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Anim Biotechnol. 2010 Apr;21(2):100-3. doi: 10.1080/10495390903323968.

Mining ESTs to determine the usefulness of SNPs across shrimp species.

Author information

1
Department of Animal Science and Center for Integrated Animal Genomics, Iowa State University, Ames, Iowa, USA.

Abstract

Expressed sequence tag (EST) libraries from members of the Penaeidae family and brine shrimp (Artemia franciscana) are currently the primary source of sequence data for shrimp species. Penaeid shrimp are the most commonly farmed worldwide, but selection methods for improving shrimp are limited. A better understanding of shrimp genomics is needed for farmers to use genetic markers to select the best breeding animals. The ESTs from Litopenaeus vannamei have been previously mined for single nucleotide polymorphisms (SNPs). This present study took publicly available ESTs from nine shrimp species, excluding L. vannamei, clustered them with CAP3, predicted SNPs within them using SNPidentifier, and then analyzed whether the SNPs were intra- or interspecies. Major goals of the project were to predict SNPs that may distinguish shrimp species, locate SNPs that may segregate in multiple species, and determine the genetic similarities between L. vannamei and the other shrimp species based on their EST sequences. Overall, 4,597 SNPs were predicted from 4,600 contigs with 703 of them being interspecies SNPs, 735 of them possibly predicting species' differences, and 18 of them appearing to segregate in multiple species. While sequences appear relatively well conserved, SNPs do not appear to be well conserved across shrimp species.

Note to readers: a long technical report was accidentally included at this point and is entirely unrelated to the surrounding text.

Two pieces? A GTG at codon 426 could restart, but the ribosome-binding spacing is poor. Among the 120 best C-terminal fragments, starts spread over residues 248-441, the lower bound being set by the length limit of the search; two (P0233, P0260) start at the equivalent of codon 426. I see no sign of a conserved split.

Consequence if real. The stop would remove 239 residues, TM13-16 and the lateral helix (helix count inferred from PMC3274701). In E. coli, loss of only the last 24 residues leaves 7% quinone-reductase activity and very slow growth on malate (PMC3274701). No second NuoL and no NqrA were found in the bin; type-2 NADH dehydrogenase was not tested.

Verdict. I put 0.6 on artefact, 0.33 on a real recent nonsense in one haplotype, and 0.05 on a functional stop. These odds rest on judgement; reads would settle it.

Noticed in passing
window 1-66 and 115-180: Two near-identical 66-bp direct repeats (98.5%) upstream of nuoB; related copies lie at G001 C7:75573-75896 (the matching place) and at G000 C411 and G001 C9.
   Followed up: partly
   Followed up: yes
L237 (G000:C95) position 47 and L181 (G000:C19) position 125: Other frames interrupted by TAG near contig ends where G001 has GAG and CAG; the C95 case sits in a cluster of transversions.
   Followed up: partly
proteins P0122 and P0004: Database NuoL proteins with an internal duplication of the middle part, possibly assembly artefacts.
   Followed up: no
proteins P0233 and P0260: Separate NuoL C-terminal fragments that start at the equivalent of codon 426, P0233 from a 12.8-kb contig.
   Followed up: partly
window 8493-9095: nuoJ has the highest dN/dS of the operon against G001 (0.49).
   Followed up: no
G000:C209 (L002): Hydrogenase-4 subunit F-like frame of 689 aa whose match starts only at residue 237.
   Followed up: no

PMID:
20379886
DOI:
10.1080/10495390903323968
[Indexed for MEDLINE]

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